The community of La Toma is a Colombian district integrated by 1300 Afro Colombian persons that has struggled for many years and in many occasions in the defence of their right of collective property over land and control over their territory. This paper analyzes the current struggle against the exploitation of gold –in mines that are located inside of their territory-, and how the allocation of natural resources that have been the source of employment for this community for more than three centuries can affect their means of subsistence, and survival of cultural integrity. Regardless of the constitutional provisions that protect the minority rights, in this case the Afro-Colombians and their long relation to their territories; the state has conceded the rights for mining exploitation to foreigners ignoring existing international instruments that guard human rights and communities’ fundamental rights granted by the Colombian Constitution of 1991. In the midst of this situation, institutional mechanisms for the recognition of fundamental human rights were successfully mobilized by residents of La Toma. In their legal action, residents claimed the violation of their identity, their right to prior consultation, and to self-determination. Although advance in materialization of a bill of rights in Colombian Constitution, in practice La Toma had to wait ten years to be hearing as legitimate holders of territory and achieve environmental justice.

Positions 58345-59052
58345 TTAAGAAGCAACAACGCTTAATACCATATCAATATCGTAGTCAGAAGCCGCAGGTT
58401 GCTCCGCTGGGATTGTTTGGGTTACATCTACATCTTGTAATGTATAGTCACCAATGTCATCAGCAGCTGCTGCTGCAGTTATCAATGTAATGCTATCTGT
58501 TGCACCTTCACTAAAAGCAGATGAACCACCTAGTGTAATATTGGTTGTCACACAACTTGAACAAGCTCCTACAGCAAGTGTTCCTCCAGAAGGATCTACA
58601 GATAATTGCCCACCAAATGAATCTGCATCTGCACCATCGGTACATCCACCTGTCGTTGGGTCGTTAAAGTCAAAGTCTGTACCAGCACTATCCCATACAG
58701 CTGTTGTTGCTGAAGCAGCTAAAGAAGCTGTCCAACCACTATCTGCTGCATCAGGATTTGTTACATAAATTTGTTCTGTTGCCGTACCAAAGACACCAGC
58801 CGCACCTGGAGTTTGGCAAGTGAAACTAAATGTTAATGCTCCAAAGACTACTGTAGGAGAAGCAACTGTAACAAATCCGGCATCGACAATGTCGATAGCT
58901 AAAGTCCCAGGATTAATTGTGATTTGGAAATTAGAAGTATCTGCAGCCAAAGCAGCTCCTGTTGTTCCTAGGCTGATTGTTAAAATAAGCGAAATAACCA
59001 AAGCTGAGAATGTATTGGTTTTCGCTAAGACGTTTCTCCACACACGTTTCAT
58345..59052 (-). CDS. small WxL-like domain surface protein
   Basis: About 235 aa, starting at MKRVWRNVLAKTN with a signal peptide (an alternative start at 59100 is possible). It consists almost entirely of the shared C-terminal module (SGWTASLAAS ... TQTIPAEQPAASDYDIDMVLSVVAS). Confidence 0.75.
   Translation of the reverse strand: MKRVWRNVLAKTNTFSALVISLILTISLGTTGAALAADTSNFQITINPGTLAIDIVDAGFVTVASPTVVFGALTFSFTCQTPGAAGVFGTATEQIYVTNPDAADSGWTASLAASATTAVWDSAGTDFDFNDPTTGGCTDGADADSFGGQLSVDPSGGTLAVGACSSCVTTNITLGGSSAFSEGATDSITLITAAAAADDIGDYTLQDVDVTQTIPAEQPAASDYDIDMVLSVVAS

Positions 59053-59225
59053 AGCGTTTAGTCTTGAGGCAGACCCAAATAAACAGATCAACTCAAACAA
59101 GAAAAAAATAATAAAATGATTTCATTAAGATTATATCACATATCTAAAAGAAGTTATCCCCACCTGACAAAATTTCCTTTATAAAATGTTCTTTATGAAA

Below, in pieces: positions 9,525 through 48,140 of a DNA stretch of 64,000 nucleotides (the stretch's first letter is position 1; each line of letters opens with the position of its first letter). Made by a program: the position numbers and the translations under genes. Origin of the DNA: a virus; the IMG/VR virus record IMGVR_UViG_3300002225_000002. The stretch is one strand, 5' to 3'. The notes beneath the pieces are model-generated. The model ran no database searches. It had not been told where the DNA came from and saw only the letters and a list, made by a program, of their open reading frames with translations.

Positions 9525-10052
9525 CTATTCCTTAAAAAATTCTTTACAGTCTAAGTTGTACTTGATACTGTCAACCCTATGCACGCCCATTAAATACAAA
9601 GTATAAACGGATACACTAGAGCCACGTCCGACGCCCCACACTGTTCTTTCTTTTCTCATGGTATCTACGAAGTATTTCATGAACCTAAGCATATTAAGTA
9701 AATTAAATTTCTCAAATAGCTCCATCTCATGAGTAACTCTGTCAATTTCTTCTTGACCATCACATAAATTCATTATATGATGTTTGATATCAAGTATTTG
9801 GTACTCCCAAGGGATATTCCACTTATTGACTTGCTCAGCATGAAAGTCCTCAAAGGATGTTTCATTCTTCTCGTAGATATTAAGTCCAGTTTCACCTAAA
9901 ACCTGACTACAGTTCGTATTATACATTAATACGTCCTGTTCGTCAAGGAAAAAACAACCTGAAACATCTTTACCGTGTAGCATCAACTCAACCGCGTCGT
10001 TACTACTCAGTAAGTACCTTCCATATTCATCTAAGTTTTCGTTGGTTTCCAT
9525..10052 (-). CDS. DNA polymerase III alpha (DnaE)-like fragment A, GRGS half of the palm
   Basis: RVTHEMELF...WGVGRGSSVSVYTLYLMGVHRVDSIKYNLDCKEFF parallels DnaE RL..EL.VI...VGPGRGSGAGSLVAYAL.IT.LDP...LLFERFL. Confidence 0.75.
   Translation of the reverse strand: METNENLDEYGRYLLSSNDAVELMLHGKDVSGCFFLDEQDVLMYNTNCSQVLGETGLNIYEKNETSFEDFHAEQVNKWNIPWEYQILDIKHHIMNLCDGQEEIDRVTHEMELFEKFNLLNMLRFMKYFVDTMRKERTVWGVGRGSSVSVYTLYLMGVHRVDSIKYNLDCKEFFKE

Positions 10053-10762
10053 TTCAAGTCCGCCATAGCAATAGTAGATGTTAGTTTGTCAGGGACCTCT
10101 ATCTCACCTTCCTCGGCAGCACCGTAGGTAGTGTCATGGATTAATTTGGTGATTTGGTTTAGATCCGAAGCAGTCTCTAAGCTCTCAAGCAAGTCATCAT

Additional Metadata
Keywords environmental justice, minority groups, mining, identity, participation, autonomy
Thesis Advisor Arsel, Murat
Persistent URL
Series Environment and Sustainable Development (ESD)
Flórez Arévalo, D.E. (2012, December 14). Mining Rights vs. Human Rights : Struggles for Environmental Justice in Colombia : The Case of the Afro-Colombian District of La Toma in the North of Cauca. Environment and Sustainable Development (ESD). Retrieved from